New Moves to Ban “Garden Grabbing”


‘Not in my back yard’ takes on a new and literal meaning today, following the announcement of new measures to curb the practice known as ‘garden grabbing.’
Garden grabbing is the term given to the practice of selling a section of a residential garden to property developers or of demolishing an existing house in order to build multiple dwellings on the remaining site. Local councils are being given immediate powers to prevent this happening where there is community opposition.
Until now, such developments have come under the same ‘brownfield’ category as derelict factories and disused railway sidings. This has meant that it can often prove difficult for town planners to block these developments, regardless of any objections that may be raised. Decentralisation Minister Greg Clark has just announced plans to take gardens out of the brownfield category, making it easier for local authorities to withhold planning permission.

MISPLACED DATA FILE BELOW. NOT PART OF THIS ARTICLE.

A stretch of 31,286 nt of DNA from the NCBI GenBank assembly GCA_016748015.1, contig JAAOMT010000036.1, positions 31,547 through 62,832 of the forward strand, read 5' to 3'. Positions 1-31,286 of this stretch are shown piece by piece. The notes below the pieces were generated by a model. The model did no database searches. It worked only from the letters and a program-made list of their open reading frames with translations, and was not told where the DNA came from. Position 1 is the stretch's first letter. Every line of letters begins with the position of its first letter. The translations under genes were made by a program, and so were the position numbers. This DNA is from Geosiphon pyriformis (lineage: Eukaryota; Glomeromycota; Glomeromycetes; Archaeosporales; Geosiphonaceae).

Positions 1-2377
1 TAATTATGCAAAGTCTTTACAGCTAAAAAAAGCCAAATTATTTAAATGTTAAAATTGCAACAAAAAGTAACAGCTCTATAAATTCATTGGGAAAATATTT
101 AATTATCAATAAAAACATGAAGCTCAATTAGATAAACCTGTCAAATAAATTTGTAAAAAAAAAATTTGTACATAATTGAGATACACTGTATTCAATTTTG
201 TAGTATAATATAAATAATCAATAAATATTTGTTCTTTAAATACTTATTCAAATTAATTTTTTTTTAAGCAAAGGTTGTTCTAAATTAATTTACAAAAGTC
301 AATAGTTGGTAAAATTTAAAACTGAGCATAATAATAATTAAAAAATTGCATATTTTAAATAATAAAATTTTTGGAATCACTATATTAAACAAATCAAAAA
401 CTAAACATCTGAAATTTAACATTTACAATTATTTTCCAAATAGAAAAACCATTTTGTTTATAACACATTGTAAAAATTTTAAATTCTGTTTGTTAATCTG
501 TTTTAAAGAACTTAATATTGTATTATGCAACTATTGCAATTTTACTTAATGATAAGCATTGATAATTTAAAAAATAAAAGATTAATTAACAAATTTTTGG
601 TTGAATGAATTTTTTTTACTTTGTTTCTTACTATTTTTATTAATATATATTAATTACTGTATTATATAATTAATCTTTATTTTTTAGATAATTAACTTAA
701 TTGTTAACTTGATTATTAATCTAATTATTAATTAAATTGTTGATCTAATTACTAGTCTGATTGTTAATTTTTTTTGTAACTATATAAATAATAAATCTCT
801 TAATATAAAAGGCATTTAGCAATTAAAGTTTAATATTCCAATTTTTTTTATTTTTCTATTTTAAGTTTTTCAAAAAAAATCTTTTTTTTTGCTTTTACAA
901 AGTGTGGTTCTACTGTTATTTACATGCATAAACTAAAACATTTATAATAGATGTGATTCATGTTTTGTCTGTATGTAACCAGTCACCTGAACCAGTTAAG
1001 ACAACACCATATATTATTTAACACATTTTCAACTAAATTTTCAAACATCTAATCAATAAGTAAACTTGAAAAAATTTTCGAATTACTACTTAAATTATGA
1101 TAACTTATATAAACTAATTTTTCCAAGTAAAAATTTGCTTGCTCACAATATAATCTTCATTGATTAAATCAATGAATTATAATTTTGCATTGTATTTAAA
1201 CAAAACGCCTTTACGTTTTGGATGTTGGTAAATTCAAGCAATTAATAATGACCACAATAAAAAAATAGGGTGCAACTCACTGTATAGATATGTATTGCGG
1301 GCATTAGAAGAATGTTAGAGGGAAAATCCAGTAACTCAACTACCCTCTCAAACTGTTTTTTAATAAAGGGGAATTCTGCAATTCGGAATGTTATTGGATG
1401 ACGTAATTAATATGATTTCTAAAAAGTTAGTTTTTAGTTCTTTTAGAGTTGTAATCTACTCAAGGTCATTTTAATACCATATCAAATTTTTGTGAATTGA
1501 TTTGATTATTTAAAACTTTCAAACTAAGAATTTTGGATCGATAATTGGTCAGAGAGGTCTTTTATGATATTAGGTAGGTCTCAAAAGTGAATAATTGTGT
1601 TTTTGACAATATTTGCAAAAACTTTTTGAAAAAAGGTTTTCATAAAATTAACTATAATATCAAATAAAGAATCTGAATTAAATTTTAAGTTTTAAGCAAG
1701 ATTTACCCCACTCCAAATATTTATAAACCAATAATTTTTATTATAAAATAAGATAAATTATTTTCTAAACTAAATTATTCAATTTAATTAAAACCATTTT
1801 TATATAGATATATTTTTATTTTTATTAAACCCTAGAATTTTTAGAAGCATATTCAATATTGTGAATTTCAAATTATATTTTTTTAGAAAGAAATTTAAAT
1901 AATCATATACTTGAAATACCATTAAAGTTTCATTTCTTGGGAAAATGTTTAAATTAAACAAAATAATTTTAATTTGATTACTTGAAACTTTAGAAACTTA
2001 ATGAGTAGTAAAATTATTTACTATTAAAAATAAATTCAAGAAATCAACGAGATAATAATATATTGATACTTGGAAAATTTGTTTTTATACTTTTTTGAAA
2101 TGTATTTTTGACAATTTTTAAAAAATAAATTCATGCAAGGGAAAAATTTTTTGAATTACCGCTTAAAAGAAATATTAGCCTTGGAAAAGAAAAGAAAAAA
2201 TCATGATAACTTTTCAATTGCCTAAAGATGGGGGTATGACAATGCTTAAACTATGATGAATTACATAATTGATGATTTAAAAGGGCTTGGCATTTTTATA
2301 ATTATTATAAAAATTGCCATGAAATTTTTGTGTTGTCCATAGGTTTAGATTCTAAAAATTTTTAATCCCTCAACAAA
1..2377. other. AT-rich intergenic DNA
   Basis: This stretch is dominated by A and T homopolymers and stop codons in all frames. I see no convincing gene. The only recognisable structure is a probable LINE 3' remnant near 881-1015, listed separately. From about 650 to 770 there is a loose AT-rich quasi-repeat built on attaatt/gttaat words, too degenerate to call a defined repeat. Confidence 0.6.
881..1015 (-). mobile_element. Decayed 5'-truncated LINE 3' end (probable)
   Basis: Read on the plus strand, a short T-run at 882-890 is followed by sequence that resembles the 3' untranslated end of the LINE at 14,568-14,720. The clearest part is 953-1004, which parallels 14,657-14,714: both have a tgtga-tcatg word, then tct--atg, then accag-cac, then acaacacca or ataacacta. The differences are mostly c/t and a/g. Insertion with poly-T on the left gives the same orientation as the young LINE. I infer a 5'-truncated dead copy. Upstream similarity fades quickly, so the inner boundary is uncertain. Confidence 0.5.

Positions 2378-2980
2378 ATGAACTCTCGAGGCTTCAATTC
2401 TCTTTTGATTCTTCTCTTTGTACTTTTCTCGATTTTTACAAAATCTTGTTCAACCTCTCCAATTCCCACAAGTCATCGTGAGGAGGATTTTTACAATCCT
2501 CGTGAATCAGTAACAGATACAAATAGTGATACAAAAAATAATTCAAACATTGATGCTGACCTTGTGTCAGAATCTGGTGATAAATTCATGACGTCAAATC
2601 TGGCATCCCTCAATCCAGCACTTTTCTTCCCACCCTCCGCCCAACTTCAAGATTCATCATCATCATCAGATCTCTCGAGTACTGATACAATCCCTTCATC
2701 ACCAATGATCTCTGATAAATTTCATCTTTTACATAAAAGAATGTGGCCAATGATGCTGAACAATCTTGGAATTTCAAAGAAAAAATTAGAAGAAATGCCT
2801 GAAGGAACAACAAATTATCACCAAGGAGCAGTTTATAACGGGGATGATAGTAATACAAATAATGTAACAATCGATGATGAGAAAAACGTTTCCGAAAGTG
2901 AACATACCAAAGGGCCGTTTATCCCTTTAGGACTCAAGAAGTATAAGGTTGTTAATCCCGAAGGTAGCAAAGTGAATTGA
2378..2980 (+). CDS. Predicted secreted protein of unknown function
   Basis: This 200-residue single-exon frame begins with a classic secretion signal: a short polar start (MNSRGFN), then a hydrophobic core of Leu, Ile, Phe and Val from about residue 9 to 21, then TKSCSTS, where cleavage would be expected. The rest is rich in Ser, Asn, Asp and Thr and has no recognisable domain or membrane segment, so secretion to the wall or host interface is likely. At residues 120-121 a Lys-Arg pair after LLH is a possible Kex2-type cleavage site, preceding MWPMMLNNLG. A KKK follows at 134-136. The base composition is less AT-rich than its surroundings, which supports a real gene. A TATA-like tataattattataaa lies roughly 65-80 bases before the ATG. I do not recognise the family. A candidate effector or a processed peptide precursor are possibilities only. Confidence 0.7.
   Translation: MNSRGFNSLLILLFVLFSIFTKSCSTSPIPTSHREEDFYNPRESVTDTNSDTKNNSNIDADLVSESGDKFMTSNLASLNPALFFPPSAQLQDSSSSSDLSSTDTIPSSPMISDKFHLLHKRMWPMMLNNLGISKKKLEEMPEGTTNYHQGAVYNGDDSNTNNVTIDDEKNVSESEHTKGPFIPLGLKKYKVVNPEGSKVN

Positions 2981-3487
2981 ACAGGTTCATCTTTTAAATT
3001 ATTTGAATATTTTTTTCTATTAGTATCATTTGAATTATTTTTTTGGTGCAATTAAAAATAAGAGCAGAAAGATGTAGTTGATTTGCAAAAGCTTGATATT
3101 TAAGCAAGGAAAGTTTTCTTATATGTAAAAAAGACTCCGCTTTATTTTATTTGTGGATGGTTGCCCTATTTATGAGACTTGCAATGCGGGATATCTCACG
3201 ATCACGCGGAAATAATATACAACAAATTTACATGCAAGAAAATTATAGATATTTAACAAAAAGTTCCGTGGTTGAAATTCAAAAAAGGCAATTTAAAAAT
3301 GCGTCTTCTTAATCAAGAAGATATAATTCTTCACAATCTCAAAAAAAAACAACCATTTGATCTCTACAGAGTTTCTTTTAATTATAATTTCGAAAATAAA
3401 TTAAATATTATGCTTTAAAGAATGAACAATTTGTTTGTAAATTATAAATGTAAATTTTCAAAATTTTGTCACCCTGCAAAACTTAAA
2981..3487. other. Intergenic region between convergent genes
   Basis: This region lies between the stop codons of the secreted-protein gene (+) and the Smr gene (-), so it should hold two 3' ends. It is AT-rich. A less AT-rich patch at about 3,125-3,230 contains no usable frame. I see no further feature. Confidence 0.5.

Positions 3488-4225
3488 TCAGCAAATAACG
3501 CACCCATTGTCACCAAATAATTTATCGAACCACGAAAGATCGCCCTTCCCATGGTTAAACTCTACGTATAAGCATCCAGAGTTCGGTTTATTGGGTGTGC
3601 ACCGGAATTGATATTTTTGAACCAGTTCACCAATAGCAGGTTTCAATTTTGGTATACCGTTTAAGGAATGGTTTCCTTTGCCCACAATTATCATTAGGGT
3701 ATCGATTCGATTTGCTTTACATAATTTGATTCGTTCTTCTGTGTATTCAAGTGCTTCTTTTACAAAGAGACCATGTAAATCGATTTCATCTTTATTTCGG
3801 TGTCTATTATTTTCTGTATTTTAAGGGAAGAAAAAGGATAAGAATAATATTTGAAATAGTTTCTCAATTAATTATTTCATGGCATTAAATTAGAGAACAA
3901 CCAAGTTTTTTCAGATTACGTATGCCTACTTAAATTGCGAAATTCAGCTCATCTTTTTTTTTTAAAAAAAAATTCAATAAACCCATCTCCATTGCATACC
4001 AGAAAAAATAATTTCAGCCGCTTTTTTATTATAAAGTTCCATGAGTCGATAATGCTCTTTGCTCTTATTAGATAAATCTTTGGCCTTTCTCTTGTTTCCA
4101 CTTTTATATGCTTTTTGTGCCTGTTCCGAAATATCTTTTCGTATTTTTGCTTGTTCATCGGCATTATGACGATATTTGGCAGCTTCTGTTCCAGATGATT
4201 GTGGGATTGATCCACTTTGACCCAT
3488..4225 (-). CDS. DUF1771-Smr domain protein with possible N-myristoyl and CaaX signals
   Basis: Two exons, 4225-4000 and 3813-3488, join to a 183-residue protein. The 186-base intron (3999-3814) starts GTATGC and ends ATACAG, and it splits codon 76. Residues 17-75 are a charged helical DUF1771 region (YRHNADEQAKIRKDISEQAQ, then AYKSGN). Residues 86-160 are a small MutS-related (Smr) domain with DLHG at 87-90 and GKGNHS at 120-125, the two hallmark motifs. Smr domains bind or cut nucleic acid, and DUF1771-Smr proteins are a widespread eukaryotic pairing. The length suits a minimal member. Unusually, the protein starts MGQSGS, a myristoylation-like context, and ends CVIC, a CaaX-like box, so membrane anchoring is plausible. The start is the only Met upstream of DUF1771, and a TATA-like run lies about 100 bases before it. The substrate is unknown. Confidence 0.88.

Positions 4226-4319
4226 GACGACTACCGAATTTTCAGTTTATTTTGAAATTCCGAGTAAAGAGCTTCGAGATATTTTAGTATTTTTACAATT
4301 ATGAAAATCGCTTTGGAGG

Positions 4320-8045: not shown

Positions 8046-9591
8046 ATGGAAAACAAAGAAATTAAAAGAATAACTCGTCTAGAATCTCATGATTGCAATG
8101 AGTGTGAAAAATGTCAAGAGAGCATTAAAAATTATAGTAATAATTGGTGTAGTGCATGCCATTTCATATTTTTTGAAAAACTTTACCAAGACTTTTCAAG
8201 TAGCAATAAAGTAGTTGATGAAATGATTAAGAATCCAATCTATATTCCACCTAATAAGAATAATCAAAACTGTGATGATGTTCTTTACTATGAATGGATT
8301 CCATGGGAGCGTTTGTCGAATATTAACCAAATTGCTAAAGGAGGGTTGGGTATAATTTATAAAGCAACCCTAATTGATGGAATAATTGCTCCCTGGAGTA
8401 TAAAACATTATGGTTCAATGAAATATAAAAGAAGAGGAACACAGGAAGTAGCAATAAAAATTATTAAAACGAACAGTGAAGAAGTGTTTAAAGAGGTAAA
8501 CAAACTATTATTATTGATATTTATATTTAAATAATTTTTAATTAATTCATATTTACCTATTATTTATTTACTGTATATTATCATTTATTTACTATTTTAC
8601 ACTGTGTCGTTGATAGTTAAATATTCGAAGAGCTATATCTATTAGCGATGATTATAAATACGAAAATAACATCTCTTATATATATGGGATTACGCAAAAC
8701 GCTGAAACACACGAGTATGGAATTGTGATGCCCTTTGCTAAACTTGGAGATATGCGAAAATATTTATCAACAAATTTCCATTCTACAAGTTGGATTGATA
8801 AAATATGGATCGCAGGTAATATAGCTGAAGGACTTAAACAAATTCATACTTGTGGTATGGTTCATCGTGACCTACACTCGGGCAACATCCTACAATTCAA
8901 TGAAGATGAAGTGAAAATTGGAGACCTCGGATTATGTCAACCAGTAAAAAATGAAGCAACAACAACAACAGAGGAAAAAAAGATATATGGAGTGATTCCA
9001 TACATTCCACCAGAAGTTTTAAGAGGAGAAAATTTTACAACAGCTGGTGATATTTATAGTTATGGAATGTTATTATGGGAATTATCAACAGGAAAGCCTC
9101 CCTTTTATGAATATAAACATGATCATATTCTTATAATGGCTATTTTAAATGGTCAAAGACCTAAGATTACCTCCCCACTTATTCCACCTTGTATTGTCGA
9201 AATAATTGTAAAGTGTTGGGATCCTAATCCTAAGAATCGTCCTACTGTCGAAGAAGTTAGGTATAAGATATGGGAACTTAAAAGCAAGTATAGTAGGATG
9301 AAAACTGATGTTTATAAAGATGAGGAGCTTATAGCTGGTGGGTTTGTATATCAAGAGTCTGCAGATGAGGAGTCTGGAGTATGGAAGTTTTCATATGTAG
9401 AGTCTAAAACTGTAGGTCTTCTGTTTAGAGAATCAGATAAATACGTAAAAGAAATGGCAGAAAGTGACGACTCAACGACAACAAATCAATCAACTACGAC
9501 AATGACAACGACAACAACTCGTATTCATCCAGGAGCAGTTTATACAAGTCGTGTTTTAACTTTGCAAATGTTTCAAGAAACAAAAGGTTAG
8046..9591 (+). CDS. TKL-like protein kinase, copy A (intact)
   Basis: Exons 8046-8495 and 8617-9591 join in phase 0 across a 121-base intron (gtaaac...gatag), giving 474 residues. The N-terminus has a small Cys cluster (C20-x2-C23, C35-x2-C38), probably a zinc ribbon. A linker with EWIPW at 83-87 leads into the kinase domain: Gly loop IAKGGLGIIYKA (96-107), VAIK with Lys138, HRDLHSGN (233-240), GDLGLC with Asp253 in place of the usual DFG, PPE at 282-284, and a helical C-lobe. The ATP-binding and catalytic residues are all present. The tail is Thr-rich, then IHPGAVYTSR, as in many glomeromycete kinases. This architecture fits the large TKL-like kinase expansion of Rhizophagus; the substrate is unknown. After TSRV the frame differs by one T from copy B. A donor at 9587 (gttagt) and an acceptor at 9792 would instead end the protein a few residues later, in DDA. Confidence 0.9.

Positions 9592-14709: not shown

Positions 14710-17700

According to government figures, the proportion of new houses built on previously residential land such as gardens rose from one in ten to one in four between 1997 and 2008. Any curb of this trend will be popular with environmental groups, which see gardens as providing much needed breathing space and havens for wildlife.
However, the moves are unlikely to impress anyone seeking to raise funds by selling what is currently residential land to developers.
Anyone who is in the process of developing existing residential land, or is thinking of doing so, should seek immediate advice on the legal consequences of this change in policy.

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